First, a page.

Dining » Cafe

Grouse of the Seven Gables

Will this Clayton inn ever get an above-par eatery?


I suspect that the owners of the Seven Gables Inn secretly wish their Tudor-style boutique hotel didn't come saddled with so much restaurant space on its ground floor. For one thing, it leaves no room for a proper welcoming area for overnight guests. A narrow corridor, sandwiched between the bar area to the south and the more formal dining room to the north, makes do as the hotel entrance, with nary a bellhop or even a rack of brochures in sight. Instead, a lone receptionist sits waiting behind a large wooden desk at the far end of the hall, looking more like an office receptionist than a hotel clerk.

For another, the Seven Gables hasn't had much luck in recent years establishing a successful dining enterprise within its environs. Most notoriously, local chef-star Steve Gontram, founder of Harvest, crashed and burned with a place there a while back. Since then, the eateries have changed names, chefs and concepts frequently enough that, on Seven Gables' Web site, dining options include "The Restaurant," "The Bar & Bistro" and "The Garden Court" (this last a brick-laid, Von Trappy al fresco space behind the reception desk) — as if the owners have thrown up their hands at keeping pace with the changes.

The hotel's latest attempt at staking a claim amid downtown Clayton's dining options is Bistro Tercet. The name doesn't exactly inspire confidence. "Bistro" these days is a pretty much meaningless signifier. And what the heck is a "tercet," anyway? (Presumably the name refers to the abovementioned trio — or tercet, if you wanna get fancy — of dining options. Which simply nails down my point.)

The revamped décor is like something out of Under the Tuscan Sun — sunny yellow walls painted as if crawling with vines, faux tapestries, a gurgling fountain — but the menu adheres to no culinary genre. It's a scattershot mishmash of modern and old-fashioned, nouvelle and New American: lobster this, wonton that, skewers here, club sandwiches there, pot pies and quesadillas and burgers and sopaipillas and lamb shank and liver. That may be par for the course nowadays — which is more than I can say for the food here. Not that it's unpalatable, just sorely lacking.

Lobster cocktail asserted itself with a bold presentation: a quartet of shell-on tail sections lined up along the rim of a wineglass above a bed of ice, with a side shot of cocktail sauce for dipping. But the shells looked dull and unappetizing, more than a little gray around the edges, and the meat underneath was mealy. In a nod to 1980s nouvelle, half a lemon was cut Florentine-style and wrapped in cheesecloth. In a nod to kitchen thrift, the bistro's lunch menu includes a lobster pot pie, its thickly condensed cream sauce warm and sweet, but its itsy orange bits of meat mere trifles. A handful of oyster crackers would have made a more forceful impression.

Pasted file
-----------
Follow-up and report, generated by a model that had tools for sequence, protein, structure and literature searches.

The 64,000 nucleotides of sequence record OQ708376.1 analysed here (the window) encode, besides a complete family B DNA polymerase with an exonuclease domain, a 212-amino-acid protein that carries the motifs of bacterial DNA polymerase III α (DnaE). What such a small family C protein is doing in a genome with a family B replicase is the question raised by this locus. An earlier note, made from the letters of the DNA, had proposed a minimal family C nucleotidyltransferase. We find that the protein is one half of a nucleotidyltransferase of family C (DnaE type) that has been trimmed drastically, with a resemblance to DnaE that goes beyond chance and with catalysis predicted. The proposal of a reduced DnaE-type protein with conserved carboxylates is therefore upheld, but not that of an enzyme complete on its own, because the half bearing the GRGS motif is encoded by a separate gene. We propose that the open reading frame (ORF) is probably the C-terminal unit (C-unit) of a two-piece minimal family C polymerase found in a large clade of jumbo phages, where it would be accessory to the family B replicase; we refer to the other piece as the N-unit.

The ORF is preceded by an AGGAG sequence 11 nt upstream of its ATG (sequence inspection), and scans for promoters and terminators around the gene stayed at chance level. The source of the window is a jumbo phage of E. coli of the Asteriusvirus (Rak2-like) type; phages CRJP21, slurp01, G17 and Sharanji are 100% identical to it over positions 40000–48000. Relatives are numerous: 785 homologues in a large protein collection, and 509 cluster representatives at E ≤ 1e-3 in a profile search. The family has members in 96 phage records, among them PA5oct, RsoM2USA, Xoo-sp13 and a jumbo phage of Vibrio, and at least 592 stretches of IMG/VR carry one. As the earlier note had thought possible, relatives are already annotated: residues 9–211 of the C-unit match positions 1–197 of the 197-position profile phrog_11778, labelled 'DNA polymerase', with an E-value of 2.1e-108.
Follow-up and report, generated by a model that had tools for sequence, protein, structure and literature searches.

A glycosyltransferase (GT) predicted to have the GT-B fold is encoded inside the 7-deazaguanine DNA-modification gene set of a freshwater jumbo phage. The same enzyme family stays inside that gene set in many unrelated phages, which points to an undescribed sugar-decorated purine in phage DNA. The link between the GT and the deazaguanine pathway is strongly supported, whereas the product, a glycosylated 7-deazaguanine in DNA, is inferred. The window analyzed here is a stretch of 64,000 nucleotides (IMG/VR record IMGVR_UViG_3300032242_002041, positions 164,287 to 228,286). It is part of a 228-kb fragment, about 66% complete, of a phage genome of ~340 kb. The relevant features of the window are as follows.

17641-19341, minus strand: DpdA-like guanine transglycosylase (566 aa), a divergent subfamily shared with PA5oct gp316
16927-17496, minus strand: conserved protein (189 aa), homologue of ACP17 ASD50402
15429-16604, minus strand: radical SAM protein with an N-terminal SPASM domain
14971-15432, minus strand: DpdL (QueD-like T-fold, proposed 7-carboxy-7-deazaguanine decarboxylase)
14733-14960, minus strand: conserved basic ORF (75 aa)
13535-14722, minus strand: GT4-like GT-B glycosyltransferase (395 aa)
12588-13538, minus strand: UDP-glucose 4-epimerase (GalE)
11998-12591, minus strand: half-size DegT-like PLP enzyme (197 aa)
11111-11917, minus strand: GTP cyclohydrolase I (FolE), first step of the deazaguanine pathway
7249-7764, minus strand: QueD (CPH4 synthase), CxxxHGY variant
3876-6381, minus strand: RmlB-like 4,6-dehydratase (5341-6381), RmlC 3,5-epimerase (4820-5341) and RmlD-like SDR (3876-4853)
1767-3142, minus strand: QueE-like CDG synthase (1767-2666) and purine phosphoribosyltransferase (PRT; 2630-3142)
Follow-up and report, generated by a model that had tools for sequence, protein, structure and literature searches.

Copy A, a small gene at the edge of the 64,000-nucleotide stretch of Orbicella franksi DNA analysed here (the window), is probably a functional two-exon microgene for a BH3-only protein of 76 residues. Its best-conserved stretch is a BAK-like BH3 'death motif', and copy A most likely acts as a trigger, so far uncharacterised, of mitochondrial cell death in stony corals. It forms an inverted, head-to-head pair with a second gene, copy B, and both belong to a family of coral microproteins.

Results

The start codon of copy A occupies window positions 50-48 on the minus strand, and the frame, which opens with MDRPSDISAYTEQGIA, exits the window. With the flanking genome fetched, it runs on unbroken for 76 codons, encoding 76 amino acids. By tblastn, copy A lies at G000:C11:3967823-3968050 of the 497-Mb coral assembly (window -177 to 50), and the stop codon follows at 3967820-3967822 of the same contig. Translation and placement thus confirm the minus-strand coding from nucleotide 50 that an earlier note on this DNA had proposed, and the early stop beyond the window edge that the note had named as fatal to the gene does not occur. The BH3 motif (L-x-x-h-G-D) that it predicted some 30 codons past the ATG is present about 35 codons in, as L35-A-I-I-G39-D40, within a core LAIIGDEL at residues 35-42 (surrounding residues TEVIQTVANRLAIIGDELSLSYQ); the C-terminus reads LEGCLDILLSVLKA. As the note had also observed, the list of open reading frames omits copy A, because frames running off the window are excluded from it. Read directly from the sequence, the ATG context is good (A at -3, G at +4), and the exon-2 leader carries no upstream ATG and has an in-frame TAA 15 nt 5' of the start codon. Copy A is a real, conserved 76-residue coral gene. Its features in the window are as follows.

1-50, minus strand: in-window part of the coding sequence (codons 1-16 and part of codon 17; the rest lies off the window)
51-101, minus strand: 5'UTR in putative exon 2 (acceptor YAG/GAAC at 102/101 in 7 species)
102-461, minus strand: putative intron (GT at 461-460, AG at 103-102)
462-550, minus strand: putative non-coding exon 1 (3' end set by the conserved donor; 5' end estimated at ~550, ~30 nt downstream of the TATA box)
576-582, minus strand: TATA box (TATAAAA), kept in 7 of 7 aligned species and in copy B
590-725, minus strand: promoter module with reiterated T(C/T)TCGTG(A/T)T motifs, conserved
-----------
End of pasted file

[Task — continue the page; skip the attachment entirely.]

Other than the pot pie's popover cap, there was little difference between it and the soup of the day, a cod chowder. Both suffered from too little fish and a cream sauce that got carried away. The chowder managed to be plush and mealy — sort of like eating velvet.

Barbecue-chicken wontons were just plain silly, a scoop of burnt-orange mush that tasted nothing like chicken; more like bar food mired in a crisp trap. Monochromatic skewers of sweet white onion, dry white chicken and dehydrated shrivels of shiitake mushrooms proved to be another letdown. Shiitakes sound exotic, but a bigger, plumper, juicier brand of mushroom — button mushrooms, even — would have been a better choice. The skewers were plated on a thatch of greens coated with a buttery-tasting dressing, which seemed irrelevant to the kebabs.

An entrée of red snapper, on the other hand, was snappy indeed — a frisky piece of fish whose breading provided a hint of toasty flavor nicely offset by a topping of a well-tempered and sweet hollandaise-like sauce. On the side was a cake of starch best described as a Wild Rice Krispie Square — a rare bit of levity. A lamb shank was as big as a cow's heart, with a fantastic piece of bone jutting out that the dog back home will adore. Its flesh was slippery from lots of fat, and browned enough (though ordered medium) to resemble mutton. A side of mashed potatoes evinced surprising integrity, courtesy of chickpeas that had been whipped in.

Two salads did nothing but disappoint. The "Seven Gables" was nothing special — a gaggle of field greens, red bell pepper and tomatoes tossed with crumbles of unjustifiably salty blue cheese. The incongruously named "Black and Blue" came to the table pink, thanks to a Pepto-hued raspberry dressing. This mess of chopped romaine, with gnarled scraps of burnt steak and dots of blue cheese (voilà: "black and blue"!) was surprisingly vapid.

The best of the desserts was cinnamon ice cream made by Serendipity in Webster Groves, served on a sopaipilla with a couple of nifty grilled pineapple rings for good measure. There's also a standard-issue flourless chocolate torte — the "bistro" of desserts — drizzled with more of that Pepto raspberry sauce. It's fine, but it takes a heck of a lot more than this to wow with chocolate.

Bistro Tercet's wine list is brief, and less than inspiring. When Louis Jadot Beaujolais-Villages, the king of fancy-sounding supermarket wines, is the first red on the list, that spells buzzkill.

Table settings in the dining room include bread plates, yet on a Saturday night we were never offered bread. The dinner menu touts a sorbet intermezzo after the appetizers and before the entrées, but we never saw that either. I doubt that owed to harried help; ours was one of only two tables occupied between the prime hours of 7 and 9 p.m. If only for the sake of the servers, who are quite friendly, I hope such sad turnout is atypical.

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